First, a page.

Sterling Library contains more than 3,000 decorated windows. The windows of the nave will be cleaned and restored as part of the renovation project.
One of glass artist G. Owen Bonawit's painted enamel windows, which glass experts have described as some of world's finest examples of the craft.
Glass renovation expert Kenneth Lambides prepares a leaded glass window panel for removal.
Each window panel is held in place by wires and sheets of molded lead. Here, Lambides pries open the final strip of lead holding the panel in place.
This particular panel was damaged decades ago when the central glass area was removed to create a vented window. The clumsy handling of the vent design broke a section of the leaded frame, which will now be restored.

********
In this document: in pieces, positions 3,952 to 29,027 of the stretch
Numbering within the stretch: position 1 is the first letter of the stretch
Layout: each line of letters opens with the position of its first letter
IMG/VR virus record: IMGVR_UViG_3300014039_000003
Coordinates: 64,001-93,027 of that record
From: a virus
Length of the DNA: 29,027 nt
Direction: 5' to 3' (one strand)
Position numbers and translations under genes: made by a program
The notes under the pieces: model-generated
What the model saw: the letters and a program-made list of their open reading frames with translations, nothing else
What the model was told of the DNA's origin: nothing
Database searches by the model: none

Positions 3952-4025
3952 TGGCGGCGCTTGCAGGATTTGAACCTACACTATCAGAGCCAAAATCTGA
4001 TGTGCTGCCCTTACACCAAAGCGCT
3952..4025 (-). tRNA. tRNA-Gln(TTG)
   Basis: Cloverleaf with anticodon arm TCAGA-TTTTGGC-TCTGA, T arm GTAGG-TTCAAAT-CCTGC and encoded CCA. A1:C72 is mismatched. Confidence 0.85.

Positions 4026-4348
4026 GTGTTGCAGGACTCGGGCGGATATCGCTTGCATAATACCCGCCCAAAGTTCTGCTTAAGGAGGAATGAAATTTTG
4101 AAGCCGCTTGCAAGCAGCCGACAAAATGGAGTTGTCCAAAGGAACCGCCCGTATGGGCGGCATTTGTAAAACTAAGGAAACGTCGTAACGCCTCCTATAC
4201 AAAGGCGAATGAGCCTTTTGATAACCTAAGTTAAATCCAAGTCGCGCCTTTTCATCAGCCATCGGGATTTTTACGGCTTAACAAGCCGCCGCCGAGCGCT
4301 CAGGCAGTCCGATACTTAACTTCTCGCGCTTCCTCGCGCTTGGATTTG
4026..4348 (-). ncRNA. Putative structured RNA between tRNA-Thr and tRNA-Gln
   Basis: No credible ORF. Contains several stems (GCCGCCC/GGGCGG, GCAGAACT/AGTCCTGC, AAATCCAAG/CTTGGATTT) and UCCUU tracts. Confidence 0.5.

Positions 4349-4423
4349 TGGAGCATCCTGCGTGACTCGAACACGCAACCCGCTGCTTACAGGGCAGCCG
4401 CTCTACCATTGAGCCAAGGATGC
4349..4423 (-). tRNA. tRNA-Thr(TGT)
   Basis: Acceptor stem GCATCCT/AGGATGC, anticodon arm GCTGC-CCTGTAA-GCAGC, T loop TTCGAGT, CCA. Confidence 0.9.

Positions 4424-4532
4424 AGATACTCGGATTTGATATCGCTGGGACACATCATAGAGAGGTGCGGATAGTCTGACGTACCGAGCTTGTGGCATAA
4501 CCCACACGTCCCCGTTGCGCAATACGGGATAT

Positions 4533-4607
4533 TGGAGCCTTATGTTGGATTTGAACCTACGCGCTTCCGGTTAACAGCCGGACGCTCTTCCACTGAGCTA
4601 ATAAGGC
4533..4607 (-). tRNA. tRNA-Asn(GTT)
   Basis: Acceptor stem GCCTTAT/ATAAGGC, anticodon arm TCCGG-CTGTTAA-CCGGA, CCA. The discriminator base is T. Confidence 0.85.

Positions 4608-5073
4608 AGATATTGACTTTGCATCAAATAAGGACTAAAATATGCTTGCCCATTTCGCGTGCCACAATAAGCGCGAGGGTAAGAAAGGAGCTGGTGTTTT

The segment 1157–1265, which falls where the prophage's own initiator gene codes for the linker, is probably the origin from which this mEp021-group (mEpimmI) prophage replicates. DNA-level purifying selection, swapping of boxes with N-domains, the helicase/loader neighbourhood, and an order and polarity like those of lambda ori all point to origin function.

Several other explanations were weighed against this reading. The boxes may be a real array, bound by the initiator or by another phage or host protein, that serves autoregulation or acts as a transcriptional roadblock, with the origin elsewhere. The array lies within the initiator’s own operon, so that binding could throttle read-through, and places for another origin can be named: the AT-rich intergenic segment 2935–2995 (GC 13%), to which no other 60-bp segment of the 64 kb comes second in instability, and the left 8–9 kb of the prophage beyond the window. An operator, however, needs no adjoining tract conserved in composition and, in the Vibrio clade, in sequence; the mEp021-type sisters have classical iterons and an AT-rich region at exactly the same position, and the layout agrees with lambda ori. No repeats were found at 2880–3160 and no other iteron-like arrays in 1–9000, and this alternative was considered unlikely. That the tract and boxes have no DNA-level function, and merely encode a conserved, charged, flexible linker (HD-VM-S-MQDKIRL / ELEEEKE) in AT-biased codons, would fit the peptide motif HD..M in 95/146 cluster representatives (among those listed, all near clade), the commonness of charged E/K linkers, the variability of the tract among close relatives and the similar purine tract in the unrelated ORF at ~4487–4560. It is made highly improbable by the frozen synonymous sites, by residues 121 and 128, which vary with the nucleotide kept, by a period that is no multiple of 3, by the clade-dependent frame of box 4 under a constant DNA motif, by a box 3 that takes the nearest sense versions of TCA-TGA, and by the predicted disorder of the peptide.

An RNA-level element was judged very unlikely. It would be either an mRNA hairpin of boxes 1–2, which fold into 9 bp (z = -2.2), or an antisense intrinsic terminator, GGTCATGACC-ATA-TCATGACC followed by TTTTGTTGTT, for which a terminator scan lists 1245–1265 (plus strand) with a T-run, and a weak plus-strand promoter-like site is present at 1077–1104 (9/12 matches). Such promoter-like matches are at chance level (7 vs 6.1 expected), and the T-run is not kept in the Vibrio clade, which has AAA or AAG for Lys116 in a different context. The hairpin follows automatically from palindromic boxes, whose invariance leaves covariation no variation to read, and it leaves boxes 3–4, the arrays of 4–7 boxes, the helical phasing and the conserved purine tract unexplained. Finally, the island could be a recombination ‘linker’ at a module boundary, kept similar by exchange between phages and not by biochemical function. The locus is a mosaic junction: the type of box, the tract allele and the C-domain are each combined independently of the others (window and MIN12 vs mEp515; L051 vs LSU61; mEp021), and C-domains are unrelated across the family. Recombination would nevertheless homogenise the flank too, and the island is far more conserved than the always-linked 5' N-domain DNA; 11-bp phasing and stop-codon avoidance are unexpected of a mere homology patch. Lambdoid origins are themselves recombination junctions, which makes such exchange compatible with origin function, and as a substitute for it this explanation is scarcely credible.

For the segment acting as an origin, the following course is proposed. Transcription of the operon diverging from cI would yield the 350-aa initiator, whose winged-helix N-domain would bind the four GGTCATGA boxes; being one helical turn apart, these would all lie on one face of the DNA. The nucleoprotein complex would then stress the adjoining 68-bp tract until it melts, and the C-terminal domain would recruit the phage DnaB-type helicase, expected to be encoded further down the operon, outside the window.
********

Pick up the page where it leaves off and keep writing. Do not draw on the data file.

Lambides raises the panel and lifts it fee from the limestone grove that has held it in place for 83 years.
Each of the dozens of leaded glass panels in the Sterling Library nave area is an individual work of art. There are no machined parts or prefabricated elements. Each panel frame is the unique work of a particular glass artisan.
Detail of the leaded framework of this window panel, "painted" with molten lead by an artisan following the designs of architect James Gamble Rogers and glass artist G. Owen Bonawit.
Lambides lifts the frame free of the window for crating and shipping to the restorer's workshop in New Jersey.
Opened in 1930, Yale's Sterling Memorial Library is architect James Gamble Rogers' masterpiece of collegiate gothic style. The central nave of the library's cathedral-like entrance is being renovated and restored, including its stained glass windows.